The Winery Dogs (Richie Kozten, Billy Sheehan, Mike Portnoy) Debut Album Reviewed!

Okay… let me confess this straight up. I am a HUGE Richie Kotzen fanboy. Since bursting onto the Shrapnel-era shred scene with his blinding technical ability, he has been a major creative force in two huge bands – Mr Big and Poison – and matured into an amazing frontman and vocalist in his own right, with a singing voice reminiscent of a slightly less depressive Chris Cornell. His guitar chops have evolved along with him, and these days more often than not Richie slings his signature version of the traditional Fender Telecaster, plucking out soulful licks with his bare fingers, between bursts of legato jazz-fusion licks.

So… have you realized that this review features Richie Kotzen yet? Hahaha.

The Winery Dogs is the new trio featuring Richie Kotzen, Billy Sheehan (Mr Big, Steve Vai) and Mike Portnoy (Dream Theater), and also the name of their explosive first album together. As a rabid RK fan, I’m extremely stoked to see him stepping back into the limelight again with such iconic alumni of legendary bands alongside him. Billy Sheehan must be the world’s most recognizable “lead bassist”, and who better to anchor the beat than technician extraordinaire Mike Portnoy?

Pop in the CD (yes, an actual CD! I had to get my copy all the way from eBay Japan, where the album was first released – USA release coming soon), the first thing that hits your ears is the lead single, Elevate. Instantly, Richie Kotzen’s signature brand of high-octane bluesy rock bursts out of the speakers. His gravelly voice is in fine form, belting out an edgy vocal melody, interspersed with some killer coordinated licks with a distinctive, growling bass tone that can only belong to Billy Sheehan. When we hit the chorus, the song bursts into a catchy, uplifting singalong melody that reminds me of the best of Mr Big era pop anthems – great stuff. After a few listens, you won’t be able to resist singing along with it!

The Winery Dogs – Elevate Music Video (Official)

Many of the songs on the record are in this mould – hard charging rock arrangements, driven by the hard hitting drums, with heaps of interesting interplay between the bass and guitar, with dirty blues licks and breakdowns thrown out with equal frequency as jazz fusion licks. Much of Richie’s influence is audible here – for example, The Other Side features a breakdown reminiscent a rocked up end section of Richie’s solo track Peace Sign, as well as featuring guitar lines that mimic the vocals.

In contrast, the ballad I’m No Angel brings some of what I love the most about Richie’s songwriting – it begins with a stripped back guitar arrangement, and soon leads into a soulful, heartfelt ballad, perhaps with a bit more of a rock edge than his past few solo albums have seen – influence of Messrs Sheehan and Portnoy, perhaps? In any case, it’s a great song, though the lyrics are ever so slightly kitschy, especially a particular line early on about getting your “mojo rising”… Even if it’s not Richie’s best, lyrically (and the man can write some great lyrics), you can forgive him a lot once you here the gruff earnestness in his voice.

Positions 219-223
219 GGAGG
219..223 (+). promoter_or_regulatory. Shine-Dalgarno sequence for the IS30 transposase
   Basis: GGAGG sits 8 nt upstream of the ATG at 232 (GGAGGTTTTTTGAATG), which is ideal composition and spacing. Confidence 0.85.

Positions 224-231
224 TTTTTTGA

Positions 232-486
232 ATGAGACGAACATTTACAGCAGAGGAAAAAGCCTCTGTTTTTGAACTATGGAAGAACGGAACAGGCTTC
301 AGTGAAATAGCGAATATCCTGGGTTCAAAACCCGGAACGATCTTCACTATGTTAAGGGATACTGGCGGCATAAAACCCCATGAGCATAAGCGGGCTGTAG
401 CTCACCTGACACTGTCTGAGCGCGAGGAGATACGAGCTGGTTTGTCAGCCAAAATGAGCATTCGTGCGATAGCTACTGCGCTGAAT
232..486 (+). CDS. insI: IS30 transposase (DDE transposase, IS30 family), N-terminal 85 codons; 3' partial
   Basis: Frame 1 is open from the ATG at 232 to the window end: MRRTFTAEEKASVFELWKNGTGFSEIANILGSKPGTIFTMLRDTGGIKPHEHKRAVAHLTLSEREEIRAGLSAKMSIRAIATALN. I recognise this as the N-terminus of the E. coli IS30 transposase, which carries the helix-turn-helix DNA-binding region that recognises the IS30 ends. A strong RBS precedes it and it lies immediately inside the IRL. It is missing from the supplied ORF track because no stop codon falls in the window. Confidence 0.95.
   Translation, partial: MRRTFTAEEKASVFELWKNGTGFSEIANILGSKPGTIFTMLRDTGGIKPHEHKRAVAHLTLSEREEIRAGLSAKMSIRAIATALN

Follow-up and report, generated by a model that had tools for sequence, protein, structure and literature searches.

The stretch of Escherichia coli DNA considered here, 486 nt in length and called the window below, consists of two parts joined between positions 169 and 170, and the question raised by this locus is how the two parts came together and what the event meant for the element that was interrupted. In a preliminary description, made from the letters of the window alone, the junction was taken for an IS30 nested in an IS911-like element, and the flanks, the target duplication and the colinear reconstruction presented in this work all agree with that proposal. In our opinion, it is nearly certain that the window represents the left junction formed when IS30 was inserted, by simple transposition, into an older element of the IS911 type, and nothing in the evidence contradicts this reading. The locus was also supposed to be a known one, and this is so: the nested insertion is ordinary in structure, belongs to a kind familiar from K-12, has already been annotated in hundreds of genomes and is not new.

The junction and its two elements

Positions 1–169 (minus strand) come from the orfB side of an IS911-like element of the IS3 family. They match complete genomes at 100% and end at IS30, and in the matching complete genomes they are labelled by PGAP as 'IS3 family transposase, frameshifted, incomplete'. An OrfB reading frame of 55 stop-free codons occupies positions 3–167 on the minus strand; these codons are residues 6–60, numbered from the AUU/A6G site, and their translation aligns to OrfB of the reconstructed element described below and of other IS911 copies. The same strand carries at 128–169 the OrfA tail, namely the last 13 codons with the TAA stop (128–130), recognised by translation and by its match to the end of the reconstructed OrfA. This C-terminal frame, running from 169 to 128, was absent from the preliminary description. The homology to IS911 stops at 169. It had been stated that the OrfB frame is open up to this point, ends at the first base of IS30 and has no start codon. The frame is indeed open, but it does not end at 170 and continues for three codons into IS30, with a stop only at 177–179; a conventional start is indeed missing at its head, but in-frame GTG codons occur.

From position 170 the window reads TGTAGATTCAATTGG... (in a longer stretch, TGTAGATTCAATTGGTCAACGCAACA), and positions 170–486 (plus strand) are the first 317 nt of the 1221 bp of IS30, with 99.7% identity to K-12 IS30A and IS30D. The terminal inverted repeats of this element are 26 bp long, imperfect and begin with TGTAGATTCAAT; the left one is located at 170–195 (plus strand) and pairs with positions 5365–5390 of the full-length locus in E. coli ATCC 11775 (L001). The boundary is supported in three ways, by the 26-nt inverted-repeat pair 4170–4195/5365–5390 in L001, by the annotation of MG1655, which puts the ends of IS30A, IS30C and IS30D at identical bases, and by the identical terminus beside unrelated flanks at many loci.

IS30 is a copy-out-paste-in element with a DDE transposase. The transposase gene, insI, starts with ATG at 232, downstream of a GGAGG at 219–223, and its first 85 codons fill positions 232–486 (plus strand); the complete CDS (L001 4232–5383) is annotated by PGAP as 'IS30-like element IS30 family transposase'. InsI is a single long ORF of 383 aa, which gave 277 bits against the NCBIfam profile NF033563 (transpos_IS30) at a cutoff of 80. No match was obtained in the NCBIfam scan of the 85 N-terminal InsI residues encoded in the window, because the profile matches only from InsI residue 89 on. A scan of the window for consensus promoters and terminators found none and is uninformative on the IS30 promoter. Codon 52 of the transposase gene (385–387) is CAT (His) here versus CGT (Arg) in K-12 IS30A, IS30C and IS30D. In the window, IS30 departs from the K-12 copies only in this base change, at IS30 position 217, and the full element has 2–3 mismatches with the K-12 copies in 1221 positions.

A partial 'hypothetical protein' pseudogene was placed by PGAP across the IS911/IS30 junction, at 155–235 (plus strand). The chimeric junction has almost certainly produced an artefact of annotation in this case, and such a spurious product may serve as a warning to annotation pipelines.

The Winery Dogs – Desire Music Video (Official)

If you’re like me, and enjoy more ballad content, you will love Track 6, You Saved Me. A simple repeating line slowly builds momentum to another great hook laden chorus. Billy Sheehan and Mike Portnoy play it relatively simple in this one – not overplaying, and simply letting the honest melody carry the song along. Some beautiful guitar licks from Mr Kotzen here as well.
The Japanese release features an exclusive track The Criminal, but funnily enough it’s the next track, The Dying that features an Asian-sounding intro riff, which almost seems like a Jason Becker homage to me – really cool considering how close Richie and Jason are. Check out this cool video of Richie singing All Along The Watchtower at Jason’s 41st birthday:

Final Thoughts – All in all, after a few listens this album is really growing on me. Richie hasn’t released his furious guitar chops to this level in quite awhile, with everything from intense legato and fingertapping, to Vai and Becker-isms and just plain old soulful rock – it’s just a joy to listen to if you’re a guitar player.

As is the tradition with many RK albums, the final song is another emotive, heartfelt ballad, this time with a piano and organ underscoring the vocals. The track is called The Regret, and I can honestly say I have none for this record – a great start for what will hopefully be a lasting collaboration of musical greats. I can only look forward to their second album, if they decide to record one – it can only get better once they have a chance to get comfortable with each other as a musical unit. 4.0 out of 5 Fuck Yeahs!

Ed Lim is the chief blogger and founder of – Gear talk for the similarly GAS-afflicted. GAS. No, it’s not something you get if you’ve eaten too many beans for dinner. Gear Acquisition Syndrome – if you’re like me, and can’t help buying cool guitars much like a magpie collects shiny bits of metal, then you’ve got it. Come hang out, and live vicariously through our reviews and soundclips. If you get sucked into the GAS monster even further, it’s not my fault…

Sis Stringg Samari